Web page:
climate change

Sea Level Rise
11:54 am
Tue December 11, 2012

The Quick Fix For A Disappearing Beach

Broward leaders need a quick fix for North Fort Lauderdale beach, where State Road A1A has been overrun by the ocean
Credit Broward County

Sand dunes and steel sheets driven underground will be used as temporary fixes to shore up a portion of Fort Lauderdale beach and State Road A1A that have been overrun by the ocean.

The $4.5-million-dollar plan was announced at a public meeting Monday night, the Sun Sentinel reports today, and it will serve as a band-aid until a permanent fix is found.

Broward Mayor Kristen Jacobs says it's the best they can do to deal with the problem in the short term.

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The Florida Roundup
12:00 pm
Fri December 7, 2012

Tallying It Up: Election Problems, Citizens Insurance And Miami-Dade Prayer

Secretary of State Ken Detzner is touring around the 5
Credit Dan Grech

On the Florida Roundup :  Local leaders and scientists gather in Palm Beach county to discuss how sea-level rise is “sinking in” in South Florida.  Citizens Insurance is awash with complaints about its "incentive plan" to have private insurers take over some of its policies. Will you be paying for it, hurricane or not? 

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The Florida Roundup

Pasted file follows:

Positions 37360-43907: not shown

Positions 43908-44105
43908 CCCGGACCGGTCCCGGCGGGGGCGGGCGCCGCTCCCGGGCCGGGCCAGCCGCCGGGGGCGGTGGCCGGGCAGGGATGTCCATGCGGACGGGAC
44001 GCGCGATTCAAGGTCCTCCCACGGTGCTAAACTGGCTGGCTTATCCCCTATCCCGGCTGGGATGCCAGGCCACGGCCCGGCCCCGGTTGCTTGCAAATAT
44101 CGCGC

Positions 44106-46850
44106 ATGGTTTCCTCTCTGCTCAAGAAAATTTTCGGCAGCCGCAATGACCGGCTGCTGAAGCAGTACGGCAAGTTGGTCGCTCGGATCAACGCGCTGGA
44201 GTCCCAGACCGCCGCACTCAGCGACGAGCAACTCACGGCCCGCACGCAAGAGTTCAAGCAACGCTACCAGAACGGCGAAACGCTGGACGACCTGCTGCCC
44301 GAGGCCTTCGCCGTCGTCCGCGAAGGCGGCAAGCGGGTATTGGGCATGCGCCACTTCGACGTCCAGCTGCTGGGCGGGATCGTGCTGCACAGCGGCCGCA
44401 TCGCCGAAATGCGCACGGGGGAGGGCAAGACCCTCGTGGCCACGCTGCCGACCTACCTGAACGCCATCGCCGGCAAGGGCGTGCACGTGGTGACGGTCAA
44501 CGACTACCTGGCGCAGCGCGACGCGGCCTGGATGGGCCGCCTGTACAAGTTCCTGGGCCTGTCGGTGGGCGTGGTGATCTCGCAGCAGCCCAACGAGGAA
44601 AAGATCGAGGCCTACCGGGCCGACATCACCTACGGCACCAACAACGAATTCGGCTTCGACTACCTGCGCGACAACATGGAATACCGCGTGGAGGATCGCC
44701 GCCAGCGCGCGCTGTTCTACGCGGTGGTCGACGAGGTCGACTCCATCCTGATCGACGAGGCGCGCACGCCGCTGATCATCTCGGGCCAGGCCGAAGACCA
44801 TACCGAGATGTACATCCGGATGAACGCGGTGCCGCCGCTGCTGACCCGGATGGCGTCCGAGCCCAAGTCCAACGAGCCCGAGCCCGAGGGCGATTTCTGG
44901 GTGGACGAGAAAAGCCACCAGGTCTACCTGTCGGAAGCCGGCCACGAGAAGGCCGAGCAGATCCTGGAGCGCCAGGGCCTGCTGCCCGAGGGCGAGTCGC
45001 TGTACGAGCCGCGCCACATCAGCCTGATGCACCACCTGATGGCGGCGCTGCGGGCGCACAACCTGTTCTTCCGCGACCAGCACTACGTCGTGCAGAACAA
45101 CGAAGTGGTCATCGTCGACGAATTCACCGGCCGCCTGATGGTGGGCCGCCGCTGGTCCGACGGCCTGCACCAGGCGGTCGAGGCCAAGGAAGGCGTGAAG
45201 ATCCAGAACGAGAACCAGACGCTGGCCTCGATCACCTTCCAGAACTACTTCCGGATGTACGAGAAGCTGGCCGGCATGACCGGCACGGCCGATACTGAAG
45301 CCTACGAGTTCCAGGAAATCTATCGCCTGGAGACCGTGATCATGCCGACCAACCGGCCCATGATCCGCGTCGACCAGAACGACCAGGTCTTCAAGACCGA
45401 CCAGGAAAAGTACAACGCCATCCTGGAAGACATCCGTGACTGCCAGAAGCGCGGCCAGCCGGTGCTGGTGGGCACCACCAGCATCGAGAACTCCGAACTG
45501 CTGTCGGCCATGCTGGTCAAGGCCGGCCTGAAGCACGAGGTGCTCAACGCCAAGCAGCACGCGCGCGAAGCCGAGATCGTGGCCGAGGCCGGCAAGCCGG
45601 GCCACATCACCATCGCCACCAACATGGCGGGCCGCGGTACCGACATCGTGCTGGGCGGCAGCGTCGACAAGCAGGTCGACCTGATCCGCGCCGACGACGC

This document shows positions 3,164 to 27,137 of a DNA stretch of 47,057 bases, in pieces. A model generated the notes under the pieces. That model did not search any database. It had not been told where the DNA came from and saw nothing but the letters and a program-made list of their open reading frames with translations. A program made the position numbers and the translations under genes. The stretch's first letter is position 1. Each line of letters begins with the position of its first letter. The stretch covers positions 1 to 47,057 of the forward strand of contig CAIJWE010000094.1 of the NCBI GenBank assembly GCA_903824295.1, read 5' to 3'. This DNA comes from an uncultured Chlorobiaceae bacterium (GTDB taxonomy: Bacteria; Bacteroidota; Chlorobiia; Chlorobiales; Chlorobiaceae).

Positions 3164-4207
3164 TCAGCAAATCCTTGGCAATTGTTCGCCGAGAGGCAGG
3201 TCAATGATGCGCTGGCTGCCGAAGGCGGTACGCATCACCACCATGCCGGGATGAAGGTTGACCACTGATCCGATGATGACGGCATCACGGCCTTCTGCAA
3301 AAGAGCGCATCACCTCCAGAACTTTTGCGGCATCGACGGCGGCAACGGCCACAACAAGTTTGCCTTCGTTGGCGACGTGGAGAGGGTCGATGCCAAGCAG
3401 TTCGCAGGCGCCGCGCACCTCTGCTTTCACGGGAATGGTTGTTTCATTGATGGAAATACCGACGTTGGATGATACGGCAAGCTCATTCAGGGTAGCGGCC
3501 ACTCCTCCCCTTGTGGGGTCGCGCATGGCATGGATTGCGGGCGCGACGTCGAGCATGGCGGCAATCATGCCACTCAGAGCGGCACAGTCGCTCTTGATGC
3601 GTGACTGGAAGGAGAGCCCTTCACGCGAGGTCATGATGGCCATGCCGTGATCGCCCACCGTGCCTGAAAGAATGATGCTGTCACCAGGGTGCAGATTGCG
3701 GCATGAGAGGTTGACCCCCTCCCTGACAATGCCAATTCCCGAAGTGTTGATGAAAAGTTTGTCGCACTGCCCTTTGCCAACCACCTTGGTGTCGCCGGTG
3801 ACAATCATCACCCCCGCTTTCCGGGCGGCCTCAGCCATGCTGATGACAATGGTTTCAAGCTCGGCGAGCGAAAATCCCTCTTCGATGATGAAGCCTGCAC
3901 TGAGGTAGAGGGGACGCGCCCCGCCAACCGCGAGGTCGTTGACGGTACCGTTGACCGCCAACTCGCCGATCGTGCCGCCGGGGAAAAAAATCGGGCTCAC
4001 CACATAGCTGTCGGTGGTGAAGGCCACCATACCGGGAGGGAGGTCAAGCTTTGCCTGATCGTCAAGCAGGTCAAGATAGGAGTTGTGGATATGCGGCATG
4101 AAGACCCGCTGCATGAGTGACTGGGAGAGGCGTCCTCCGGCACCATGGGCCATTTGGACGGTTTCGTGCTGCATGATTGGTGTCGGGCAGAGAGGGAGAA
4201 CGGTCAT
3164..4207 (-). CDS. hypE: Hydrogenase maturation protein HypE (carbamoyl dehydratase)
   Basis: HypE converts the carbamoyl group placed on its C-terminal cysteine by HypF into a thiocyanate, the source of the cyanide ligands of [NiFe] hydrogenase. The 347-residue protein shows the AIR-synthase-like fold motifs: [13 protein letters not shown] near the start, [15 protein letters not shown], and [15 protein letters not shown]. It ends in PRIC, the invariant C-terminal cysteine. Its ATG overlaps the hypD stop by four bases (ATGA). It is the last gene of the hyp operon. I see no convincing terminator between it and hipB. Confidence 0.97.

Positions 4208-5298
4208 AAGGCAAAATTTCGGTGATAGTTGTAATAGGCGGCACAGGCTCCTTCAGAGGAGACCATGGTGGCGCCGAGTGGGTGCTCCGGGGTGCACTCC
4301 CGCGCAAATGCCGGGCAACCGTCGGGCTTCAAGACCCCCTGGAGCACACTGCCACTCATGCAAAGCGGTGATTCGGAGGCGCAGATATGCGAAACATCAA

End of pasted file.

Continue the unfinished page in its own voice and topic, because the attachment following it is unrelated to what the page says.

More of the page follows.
2:00 pm
Fri November 30, 2012

How Climate Change Is Reshaping South Florida

The Keys are particularly vulnerable to a rise in sea level.

On The Florida Roundup: Hurricane season has officially ended.  South Florida was saved from any severe hurricanes, but we see the effects of climate change as beaches erode, roads crumble and flooding inundates parts of region.  

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The Florida Roundup
6:00 am
Fri November 30, 2012

Climate Change Signs Abound, Locals Say

Climate Change? James' walking trail in the Keys is frequently flooded these days.
Credit James Lowry

With its low-level waterfront communities, South Florida is particularly vulnerable to climate change. 

But perhaps no area is more vulnerable than the Florida Keys.

James from Cudjoe Key tells us that a nature trail he has walked for 10 years is now regularly flooded, even at low tide.  Here is a photo he sent us:

While much has been written about the danger to South Florida caused by rising water levels, Pamela from Miami points out that Miami should pay attention to its air:   

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